Everyone is Talking
About the #MeToo Movement and how we can raise our kids to understand consent and sexual harassment from a young age.
Why do I care?
In a recent study, it was uncovered that nearly half of middle and high school students surveyed had experienced verbal and/or physical sexual harassment in some form. One third of these students said they had been harassed via email, text and Facebook. Some psychologists and educators are seeing children as young as 10 use sexual harassment tactics to wield power and embarrass others in front of their peers.
Tell me more.
It is clear we need to start early, and discuss often, the importance of respecting others and their bodies. By opening up dialogue and maintaining an ongoing conversation from an early age, we can work to turn the tides on this behavior.
If you’re like many parents, the consent and harassment conversation can feel overwhelming. So, how do we start the discussion and conduct it in an age appropriate manner?
Parents.com offers several ways to teach your children about consent. The suggestions include teaching them to ask permission before being physical with a friend (hugs, tickling etc..), encouraging children to trust their gut feelings, and empowering them to feel comfortable saying ‘no’ while also respecting the word ‘no’.
Teaching consent can begin as young as the toddler years with simple things like not forcing children to hug friends and family in an effort to ‘be polite’ – affection should always be freely given.
For older kids, access resources like Teach Consent, a website dedicated to helping parents continue the consent conversation with their older children. It offers a quick and simple video illustrating consent along with a discussion guide for parents to use with their kids.
The important thing to remember is the topic of consent and harassment is a continuous conversation throughout your child’s life. It is not a one and done kind of deal.
In The Trenches
How do you teach your children about budgeting? A Georgia mom recently shared on her Facebook page that she is charging her five year-old rent.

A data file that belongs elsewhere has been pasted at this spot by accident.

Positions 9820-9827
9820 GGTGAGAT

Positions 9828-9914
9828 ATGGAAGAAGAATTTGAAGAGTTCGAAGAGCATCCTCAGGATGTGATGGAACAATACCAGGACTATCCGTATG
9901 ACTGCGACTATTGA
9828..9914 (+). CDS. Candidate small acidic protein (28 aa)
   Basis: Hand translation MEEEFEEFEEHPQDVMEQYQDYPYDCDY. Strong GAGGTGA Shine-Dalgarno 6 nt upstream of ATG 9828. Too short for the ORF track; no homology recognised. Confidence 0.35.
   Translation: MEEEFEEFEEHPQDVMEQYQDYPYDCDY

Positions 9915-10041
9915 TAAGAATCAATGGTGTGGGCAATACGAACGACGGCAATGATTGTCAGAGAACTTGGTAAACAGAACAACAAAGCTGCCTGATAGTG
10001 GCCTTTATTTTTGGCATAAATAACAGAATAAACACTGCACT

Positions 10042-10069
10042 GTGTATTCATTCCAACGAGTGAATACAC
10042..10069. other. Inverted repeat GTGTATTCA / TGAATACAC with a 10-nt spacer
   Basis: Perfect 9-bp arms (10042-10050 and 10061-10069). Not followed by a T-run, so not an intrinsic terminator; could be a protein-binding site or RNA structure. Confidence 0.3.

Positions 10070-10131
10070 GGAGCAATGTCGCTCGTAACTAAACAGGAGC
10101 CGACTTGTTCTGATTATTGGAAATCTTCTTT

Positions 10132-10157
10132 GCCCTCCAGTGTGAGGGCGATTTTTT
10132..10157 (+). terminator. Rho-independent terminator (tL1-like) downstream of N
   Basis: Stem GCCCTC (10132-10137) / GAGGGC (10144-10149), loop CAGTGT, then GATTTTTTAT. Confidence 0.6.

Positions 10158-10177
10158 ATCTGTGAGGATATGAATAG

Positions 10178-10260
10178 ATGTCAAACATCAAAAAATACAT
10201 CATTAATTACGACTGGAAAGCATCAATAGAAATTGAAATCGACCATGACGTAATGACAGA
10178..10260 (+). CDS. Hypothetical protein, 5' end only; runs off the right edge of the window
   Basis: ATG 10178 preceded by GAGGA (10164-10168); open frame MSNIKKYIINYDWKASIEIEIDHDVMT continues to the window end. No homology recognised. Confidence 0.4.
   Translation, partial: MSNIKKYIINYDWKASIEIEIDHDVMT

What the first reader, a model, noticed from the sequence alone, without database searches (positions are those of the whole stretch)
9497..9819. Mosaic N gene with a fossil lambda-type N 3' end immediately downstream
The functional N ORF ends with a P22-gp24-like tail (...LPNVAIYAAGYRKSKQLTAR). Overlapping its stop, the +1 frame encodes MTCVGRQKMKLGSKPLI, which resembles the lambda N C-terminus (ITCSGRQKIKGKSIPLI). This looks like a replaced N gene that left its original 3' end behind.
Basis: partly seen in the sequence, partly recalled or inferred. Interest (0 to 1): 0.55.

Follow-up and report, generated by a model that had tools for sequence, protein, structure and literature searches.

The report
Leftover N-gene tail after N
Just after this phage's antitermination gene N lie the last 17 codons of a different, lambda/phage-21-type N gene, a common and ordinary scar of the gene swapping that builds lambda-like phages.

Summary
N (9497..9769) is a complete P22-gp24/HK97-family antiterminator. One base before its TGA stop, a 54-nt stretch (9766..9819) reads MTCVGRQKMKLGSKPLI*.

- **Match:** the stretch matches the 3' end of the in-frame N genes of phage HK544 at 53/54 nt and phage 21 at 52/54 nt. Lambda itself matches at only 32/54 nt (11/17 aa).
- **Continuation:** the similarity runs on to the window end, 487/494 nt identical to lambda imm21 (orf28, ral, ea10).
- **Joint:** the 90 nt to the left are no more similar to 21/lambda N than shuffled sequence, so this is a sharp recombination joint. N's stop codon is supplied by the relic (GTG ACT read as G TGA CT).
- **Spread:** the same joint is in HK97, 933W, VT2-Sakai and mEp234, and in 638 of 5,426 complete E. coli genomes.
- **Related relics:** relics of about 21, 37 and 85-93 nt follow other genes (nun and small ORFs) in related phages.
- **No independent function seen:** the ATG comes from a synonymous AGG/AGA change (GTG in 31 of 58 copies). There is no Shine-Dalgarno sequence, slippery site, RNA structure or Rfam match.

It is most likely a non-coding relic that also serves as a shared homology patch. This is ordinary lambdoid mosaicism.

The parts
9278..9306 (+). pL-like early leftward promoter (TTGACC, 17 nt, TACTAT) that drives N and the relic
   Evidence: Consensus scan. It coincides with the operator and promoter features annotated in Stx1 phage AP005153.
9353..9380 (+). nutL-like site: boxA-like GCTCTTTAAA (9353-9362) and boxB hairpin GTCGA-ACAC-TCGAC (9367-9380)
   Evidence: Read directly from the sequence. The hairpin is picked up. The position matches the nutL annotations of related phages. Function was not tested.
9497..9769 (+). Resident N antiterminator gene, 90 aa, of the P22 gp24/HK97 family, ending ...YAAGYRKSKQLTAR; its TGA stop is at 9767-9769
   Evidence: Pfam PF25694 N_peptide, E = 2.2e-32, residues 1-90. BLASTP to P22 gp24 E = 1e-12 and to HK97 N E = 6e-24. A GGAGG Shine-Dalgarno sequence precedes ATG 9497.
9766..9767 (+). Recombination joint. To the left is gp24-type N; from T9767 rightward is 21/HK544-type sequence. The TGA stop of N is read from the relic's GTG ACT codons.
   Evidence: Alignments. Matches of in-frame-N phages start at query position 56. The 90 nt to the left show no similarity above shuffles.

Yep, you read that right.
She gives her daughter a $7 allowance and $5 is always returned to the mom for rent, utilities and food. The remaining $2 is her child’s to spend how she chooses. The $5 paid to mom is then put into a savings account for when the young girl goes to college.
The post has now been shared 320,000+ times. It has sparked a lot of discussion about how parents should or should not instill financial responsibility within their kids. This mom’s method has garnered positive as well as some negative attention by parents who feel this tactic may cause unnecessary anxiety. Check out 9 Ways to Teach Your Kids About Money by Dave Ramsey for some alternatives to this mom’s method.
How you educate your children about money is up to you, but teaching your kids early will serve to minimize money regrets later. We’re definitely on board for that.
Meal Planning Mastery
Raise your hand if you have an Instant Pot but have no. idea. what you are doing?!
We’ve got you covered.
If instruction manuals aren’t your forte, this quick read tells you what each and every button does on your Instant Pot. The author offers you important tips like always cook with liquid, remember that your cooking time doesn’t mean your finished time, and it reassures you that your Instant Pot will not explode if you follow directions.
Give your kids a heart attack – a Valentine Heart Attack, that is. This clever idea has been passed around for years, but it warrants a re-share because February 1st is just around the corner.
Skip to My Lou offers you a free printable for the hearts if you have your own paper and time to cut them out.
If you’re a bit lazier (ahem, like us) then hit up Amazon for 200 of these lace heart doilies**in pink, red and white and forgo that print-and-cut step. It’s a great way to make the execution easier.
Not sure what to write on each of your hearts? Here’s a list of 99 Compliments for Kids to get you started in the right direction.
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